Most solid tumours exhibit areas of both chronic and acute hypoxia, all of them evolving dynamically as a function of cellular growth, vascularisation, oxygen consuming metabolism and therapy response. Tumour hypoxia, generally far below 1% oxygen, correlates with increased recurrence rates and decreased survival rates in most cancers, so the recent review by Hypoxystation users Rey et al. describing “Molecular Targeting of Hypoxia in Radiotherapy” gives a valuable overview of the mechanisms cancer cells have developed to respond to hypoxia.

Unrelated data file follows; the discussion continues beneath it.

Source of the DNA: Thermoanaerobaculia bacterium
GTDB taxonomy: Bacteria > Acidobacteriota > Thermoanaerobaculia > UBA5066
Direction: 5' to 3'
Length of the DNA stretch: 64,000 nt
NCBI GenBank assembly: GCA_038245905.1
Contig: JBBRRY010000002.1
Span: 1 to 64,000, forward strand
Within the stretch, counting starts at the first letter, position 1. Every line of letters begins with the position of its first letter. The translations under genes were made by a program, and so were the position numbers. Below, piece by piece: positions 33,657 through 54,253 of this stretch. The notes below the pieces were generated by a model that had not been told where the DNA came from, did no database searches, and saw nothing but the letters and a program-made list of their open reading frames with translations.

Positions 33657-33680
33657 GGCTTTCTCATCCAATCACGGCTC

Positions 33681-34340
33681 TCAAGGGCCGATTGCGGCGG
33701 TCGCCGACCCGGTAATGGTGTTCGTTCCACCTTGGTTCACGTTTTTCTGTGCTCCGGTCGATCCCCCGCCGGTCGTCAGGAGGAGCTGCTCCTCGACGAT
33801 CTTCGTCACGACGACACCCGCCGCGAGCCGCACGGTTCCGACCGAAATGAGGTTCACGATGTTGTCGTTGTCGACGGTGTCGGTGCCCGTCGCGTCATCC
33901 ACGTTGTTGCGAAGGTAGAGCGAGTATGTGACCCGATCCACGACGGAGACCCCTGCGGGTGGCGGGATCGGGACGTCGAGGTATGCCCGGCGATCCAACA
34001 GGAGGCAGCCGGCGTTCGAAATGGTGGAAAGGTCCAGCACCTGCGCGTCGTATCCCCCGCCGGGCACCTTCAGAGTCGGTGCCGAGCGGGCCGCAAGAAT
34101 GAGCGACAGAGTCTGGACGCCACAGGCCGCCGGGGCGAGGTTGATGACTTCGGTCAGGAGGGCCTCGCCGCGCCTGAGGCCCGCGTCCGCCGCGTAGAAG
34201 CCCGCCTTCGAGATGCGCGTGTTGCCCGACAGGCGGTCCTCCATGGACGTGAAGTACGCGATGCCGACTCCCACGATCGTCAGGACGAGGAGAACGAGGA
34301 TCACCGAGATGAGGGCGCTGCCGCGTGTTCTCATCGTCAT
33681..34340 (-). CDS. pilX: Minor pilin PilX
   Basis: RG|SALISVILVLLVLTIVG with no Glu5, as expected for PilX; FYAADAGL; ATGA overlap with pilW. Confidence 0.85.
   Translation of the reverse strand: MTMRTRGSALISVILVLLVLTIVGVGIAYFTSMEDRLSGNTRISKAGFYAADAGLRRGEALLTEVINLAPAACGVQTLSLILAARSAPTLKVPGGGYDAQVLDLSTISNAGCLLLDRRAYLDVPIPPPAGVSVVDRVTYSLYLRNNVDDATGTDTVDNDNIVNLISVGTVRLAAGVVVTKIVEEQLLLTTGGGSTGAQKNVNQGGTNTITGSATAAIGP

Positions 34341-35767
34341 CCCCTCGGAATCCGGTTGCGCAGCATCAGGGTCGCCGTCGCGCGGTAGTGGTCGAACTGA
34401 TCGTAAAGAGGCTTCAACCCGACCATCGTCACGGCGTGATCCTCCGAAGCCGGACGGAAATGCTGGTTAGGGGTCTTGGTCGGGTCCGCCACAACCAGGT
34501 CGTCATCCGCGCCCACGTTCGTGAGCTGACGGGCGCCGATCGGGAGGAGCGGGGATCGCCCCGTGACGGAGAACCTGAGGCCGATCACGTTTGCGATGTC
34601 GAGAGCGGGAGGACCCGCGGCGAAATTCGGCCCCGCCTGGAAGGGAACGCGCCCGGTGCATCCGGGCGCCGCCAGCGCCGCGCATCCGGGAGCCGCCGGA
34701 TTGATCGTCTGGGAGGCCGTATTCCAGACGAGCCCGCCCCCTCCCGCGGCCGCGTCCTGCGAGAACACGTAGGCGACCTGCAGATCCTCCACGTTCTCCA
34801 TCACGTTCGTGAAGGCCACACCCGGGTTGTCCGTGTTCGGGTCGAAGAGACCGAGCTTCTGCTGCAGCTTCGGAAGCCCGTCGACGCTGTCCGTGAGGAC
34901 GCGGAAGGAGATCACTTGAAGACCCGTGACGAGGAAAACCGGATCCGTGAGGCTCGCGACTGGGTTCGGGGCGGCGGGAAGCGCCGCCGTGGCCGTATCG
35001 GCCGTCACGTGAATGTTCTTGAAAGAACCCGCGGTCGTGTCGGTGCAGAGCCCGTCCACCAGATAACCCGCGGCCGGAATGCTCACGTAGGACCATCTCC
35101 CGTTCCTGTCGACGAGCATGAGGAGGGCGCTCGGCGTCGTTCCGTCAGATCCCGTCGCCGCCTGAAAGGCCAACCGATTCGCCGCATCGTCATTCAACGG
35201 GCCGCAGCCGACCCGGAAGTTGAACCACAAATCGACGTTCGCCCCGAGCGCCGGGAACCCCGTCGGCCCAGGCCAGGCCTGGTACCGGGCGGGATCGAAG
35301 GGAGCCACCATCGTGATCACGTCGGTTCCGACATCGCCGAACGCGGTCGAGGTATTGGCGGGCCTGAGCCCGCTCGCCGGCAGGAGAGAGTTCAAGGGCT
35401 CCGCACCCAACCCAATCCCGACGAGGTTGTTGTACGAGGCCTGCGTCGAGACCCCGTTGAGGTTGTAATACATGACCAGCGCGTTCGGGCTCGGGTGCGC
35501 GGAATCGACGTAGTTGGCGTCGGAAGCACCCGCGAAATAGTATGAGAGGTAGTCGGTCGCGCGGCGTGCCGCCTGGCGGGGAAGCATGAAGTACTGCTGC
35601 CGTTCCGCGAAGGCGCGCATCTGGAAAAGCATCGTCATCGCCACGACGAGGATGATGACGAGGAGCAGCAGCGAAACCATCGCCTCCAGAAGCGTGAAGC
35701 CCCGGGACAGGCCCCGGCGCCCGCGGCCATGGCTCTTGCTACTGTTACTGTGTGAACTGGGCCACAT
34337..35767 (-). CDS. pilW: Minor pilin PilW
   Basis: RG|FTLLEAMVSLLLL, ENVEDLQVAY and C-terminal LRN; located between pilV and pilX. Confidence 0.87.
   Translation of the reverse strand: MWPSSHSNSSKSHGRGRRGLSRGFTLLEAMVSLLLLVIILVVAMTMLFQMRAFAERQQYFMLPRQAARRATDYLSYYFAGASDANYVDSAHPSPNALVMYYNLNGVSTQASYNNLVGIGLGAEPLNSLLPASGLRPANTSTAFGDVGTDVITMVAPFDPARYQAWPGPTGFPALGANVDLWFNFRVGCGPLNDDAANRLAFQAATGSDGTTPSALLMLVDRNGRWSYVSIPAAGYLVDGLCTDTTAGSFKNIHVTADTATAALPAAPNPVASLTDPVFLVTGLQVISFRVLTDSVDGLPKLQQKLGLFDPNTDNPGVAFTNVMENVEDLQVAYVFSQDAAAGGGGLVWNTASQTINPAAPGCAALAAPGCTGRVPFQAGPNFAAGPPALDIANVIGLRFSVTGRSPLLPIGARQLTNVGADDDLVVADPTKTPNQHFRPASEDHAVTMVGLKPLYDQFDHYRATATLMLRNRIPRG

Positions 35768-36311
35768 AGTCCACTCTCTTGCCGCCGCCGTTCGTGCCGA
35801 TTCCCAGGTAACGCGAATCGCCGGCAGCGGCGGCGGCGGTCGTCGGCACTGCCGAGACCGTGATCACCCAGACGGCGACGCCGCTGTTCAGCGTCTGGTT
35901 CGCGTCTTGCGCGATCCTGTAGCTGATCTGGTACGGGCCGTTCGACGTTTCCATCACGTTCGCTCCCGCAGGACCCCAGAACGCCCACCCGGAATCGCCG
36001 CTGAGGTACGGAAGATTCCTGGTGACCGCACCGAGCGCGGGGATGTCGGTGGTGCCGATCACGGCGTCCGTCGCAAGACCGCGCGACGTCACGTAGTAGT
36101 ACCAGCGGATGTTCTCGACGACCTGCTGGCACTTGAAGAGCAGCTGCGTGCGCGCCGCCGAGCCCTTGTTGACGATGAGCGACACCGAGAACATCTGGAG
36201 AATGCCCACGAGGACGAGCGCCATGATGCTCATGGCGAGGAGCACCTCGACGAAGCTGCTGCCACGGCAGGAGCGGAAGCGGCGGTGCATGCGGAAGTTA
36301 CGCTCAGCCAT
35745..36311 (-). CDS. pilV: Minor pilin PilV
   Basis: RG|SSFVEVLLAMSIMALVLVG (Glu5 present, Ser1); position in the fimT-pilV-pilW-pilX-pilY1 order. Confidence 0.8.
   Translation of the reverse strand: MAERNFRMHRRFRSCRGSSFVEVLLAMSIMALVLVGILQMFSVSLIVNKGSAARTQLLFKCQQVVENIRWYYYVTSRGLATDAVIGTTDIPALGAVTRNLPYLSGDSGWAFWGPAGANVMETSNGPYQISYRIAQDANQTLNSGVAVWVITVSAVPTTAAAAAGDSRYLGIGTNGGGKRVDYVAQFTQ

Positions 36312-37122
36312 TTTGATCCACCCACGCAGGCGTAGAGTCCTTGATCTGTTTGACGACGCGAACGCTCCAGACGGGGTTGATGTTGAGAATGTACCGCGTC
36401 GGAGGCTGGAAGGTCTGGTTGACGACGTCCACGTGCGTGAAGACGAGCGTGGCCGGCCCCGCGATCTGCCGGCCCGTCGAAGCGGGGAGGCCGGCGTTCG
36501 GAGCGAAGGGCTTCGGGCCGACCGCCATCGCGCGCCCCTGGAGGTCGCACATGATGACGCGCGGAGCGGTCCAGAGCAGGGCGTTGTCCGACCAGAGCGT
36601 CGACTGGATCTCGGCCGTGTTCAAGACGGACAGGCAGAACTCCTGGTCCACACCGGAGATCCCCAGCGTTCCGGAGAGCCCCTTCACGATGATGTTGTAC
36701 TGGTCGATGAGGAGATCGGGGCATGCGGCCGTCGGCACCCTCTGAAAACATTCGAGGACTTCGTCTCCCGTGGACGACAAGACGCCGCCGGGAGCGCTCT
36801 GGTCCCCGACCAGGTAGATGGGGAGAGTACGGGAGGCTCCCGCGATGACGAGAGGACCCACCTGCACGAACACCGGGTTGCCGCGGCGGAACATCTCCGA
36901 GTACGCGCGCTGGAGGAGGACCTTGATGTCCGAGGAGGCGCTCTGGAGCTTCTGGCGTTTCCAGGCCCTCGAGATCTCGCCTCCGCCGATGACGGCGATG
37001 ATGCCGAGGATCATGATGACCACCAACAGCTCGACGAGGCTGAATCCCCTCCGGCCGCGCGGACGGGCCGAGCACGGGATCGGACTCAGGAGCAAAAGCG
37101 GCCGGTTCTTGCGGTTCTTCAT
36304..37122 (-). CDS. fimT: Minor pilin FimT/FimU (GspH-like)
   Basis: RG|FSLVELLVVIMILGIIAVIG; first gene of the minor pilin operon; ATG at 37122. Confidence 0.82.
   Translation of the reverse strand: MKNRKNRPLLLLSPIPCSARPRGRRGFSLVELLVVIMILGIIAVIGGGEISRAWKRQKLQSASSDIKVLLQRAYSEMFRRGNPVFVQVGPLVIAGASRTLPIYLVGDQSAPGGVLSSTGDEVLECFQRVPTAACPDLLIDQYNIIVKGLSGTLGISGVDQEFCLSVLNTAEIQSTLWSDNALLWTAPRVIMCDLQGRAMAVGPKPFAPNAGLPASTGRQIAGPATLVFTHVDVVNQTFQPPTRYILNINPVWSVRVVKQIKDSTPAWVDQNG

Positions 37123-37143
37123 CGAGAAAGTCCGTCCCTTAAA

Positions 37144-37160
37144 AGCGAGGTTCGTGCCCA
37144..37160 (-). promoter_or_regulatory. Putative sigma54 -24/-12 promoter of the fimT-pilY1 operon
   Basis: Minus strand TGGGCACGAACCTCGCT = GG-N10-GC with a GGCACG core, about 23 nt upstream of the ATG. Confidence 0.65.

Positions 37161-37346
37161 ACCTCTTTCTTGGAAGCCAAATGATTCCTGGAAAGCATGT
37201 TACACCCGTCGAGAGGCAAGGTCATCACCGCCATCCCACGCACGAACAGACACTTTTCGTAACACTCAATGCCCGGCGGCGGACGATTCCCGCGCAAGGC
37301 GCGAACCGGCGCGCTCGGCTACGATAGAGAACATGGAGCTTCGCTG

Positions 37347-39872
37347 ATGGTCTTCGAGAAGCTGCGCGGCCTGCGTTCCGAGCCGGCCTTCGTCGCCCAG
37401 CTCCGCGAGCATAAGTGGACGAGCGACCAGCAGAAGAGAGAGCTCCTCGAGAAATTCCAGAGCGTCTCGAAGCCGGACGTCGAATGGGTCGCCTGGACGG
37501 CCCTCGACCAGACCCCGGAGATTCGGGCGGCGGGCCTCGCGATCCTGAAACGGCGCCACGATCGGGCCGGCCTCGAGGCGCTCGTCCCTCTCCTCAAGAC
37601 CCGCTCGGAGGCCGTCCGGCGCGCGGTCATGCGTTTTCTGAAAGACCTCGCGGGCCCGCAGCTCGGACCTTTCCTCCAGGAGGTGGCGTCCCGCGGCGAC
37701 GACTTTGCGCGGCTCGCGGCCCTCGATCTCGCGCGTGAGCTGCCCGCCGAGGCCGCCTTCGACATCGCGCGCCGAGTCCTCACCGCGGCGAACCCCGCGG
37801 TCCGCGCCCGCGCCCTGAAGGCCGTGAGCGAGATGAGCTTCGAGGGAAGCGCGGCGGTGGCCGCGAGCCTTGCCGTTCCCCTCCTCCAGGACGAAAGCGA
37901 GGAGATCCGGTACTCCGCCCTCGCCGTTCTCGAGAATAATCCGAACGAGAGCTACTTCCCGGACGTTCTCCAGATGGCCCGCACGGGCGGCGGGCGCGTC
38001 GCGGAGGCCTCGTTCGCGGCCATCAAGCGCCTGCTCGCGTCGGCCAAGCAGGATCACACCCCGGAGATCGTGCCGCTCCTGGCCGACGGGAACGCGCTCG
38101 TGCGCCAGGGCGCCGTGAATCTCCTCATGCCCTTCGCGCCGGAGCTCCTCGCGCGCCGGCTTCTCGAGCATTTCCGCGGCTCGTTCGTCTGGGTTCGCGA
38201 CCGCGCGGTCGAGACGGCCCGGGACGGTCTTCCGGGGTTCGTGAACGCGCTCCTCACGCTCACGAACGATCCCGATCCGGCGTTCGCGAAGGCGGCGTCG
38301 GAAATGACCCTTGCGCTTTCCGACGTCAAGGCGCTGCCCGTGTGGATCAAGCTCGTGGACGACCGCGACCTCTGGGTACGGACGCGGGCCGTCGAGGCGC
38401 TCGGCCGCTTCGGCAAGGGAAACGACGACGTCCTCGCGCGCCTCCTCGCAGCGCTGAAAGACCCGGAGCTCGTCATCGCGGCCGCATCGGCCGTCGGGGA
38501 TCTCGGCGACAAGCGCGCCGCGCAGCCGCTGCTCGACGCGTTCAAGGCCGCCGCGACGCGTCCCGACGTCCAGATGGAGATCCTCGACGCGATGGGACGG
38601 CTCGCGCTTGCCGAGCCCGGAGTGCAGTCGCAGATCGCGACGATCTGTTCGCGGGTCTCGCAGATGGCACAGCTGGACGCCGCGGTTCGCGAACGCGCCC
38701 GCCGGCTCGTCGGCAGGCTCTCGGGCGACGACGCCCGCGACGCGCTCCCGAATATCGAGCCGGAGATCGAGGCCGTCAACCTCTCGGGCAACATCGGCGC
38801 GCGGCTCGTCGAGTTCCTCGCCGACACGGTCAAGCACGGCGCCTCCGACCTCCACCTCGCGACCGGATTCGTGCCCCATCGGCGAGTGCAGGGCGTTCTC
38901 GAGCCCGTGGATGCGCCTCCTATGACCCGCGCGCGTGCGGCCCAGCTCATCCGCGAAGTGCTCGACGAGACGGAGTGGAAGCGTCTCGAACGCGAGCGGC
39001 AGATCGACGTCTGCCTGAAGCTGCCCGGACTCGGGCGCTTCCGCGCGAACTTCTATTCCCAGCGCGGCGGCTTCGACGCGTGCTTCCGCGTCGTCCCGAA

Dr. Rey of the Princess Margaret Cancer Centre in Toronto, Canada, and his co-authors Luana Schito, Marianne Koritzinsky and Brad Wouters have contributed vastly to our knowledge about the cellular response to hypoxia in the context of tumour behavior. Since 2009, they have acquired four Hypoxystations for their lab, in order to culture cells under conditions which authentically mimic the physiological environment of cancer. The Hypoxystation provides a closed workstation format for rigorous control of oxygen, CO2, temperature and humidity, facilitating accurate regulation of cell culture conditions as the in vivo tumour situation is simulated.
In their 2016 review, Rey et al. describe the cellular response to the complex interplay of temporal and spatial variations in oxygen levels, and the rippling effects exerted on vascular, stromal and immunological responses.
By Burga Kalz Fuller, HypOxygen